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    Author(s): Pedram Daneshgar; Shibu Jose; Craig Ramsey; Robin Collins
    Date: 2006
    Source: Gen. Tech. Rep. SRS-92. Asheville, NC: U.S. Department of Agriculture, Forest Service, Southern Research Station. pp. 50-51
    Publication Series: Miscellaneous Publication
    PDF: View PDF  (39.2 KB)

    Description

    A field study was conducted in Santa Rosa County, FL to test the hypothesis that an exotic understory would exert a higher degree of competition on tree seedling establishment and growth than native vegetation. The study site was a 60 ha cutover area infested with the invasive exotic cogongrass [Imperata cylindrica (L.) Raeusch.]. A completely randomized design was set up with five replications of three treatments: (1) control- plots that were kept weed free, (2) plots with only native vegetation, and (3) cogongrass infestation. On March 6, 2003, 1-year-old bare-root loblolly pine seedlings were planted at 1.8 x 1.1 m spacing, and initial root collar diameter (RCD) and height were measured. The seedlings were harvested in December, and final RCD, height and above- and below-ground biomass were measured. Seedlings had the lowest biomass growth in the cogongrass treatment and the highest in the control. The results of the study demonstrate that the exotic cogongrass is far more competitive than native vegetation.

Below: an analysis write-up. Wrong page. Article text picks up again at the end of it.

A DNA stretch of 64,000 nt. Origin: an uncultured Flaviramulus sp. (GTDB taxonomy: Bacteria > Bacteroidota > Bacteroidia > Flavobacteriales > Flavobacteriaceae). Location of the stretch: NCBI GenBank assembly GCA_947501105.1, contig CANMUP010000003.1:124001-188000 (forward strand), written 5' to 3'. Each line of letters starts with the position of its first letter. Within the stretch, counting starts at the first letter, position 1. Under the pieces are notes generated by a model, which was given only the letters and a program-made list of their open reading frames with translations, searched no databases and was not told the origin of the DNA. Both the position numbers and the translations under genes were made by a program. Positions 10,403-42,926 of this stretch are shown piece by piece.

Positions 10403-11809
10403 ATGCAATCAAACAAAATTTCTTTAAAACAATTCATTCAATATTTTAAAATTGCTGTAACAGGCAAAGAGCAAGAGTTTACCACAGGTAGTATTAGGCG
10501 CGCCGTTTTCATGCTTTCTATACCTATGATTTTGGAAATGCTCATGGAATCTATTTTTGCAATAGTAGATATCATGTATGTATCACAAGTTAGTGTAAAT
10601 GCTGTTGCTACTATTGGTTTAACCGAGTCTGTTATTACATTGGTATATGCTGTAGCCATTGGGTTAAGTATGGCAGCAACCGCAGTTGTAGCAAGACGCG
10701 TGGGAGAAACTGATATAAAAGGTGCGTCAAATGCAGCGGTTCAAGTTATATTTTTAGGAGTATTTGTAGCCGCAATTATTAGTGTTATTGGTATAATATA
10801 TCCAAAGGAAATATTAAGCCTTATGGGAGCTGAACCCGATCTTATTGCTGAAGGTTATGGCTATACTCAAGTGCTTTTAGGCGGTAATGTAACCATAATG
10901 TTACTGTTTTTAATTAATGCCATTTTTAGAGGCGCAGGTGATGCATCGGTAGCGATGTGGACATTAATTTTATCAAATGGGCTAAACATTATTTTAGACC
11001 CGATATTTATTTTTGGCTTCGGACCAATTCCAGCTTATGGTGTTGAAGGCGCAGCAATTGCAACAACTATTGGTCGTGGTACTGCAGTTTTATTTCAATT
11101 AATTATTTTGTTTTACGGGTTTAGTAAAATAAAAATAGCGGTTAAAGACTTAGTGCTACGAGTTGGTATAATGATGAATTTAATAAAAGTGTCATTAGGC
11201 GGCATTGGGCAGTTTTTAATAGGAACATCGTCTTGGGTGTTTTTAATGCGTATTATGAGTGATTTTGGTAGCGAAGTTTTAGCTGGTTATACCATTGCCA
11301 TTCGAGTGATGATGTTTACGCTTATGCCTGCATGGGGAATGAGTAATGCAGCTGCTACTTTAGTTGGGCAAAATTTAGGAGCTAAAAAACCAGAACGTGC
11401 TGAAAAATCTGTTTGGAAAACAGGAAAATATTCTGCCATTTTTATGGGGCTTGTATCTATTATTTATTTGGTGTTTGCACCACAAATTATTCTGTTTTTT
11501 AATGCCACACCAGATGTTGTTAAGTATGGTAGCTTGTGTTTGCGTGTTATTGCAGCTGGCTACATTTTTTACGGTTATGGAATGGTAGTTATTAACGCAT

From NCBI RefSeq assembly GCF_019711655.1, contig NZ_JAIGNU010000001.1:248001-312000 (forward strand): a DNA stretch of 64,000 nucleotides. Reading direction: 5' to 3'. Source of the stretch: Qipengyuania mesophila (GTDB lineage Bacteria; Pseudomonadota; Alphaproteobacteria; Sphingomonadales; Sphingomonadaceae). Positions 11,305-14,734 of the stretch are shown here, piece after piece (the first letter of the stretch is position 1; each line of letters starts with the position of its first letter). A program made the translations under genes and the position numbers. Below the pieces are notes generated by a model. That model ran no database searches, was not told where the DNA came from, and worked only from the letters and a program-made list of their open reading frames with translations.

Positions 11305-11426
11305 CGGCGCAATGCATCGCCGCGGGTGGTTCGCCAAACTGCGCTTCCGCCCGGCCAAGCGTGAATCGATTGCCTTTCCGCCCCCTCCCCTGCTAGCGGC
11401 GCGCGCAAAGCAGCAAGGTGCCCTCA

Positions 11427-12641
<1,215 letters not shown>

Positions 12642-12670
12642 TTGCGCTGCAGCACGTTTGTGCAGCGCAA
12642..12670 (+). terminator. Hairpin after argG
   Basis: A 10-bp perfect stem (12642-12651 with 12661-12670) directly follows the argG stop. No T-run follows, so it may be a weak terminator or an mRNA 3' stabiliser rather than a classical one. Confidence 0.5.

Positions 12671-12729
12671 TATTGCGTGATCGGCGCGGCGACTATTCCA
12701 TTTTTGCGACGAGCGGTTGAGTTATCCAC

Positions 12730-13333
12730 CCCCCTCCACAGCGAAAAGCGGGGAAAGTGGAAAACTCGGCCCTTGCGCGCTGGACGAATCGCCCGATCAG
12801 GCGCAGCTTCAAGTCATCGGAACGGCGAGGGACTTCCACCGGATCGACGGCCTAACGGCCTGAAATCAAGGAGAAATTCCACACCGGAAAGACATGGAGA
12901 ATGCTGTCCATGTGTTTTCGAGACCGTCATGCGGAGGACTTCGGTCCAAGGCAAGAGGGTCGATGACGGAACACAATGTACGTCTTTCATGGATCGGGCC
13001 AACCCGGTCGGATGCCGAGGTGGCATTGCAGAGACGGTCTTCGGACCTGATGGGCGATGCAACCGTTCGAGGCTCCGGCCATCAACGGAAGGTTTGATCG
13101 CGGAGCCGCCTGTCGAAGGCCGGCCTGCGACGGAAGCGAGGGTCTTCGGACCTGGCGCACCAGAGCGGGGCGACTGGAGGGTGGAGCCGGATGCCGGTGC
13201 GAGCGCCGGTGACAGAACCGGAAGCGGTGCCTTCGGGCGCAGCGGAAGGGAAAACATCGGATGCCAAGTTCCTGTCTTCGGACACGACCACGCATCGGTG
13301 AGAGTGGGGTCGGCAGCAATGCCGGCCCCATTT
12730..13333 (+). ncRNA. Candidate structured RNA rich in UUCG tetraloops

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    Citation

    Daneshgar, Pedram; Jose, Shibu; Ramsey, Craig; Collins, Robin 2006. Loblolly pine seedling response to competition from exotic vs. native plants. Gen. Tech. Rep. SRS-92. Asheville, NC: U.S. Department of Agriculture, Forest Service, Southern Research Station. pp. 50-51

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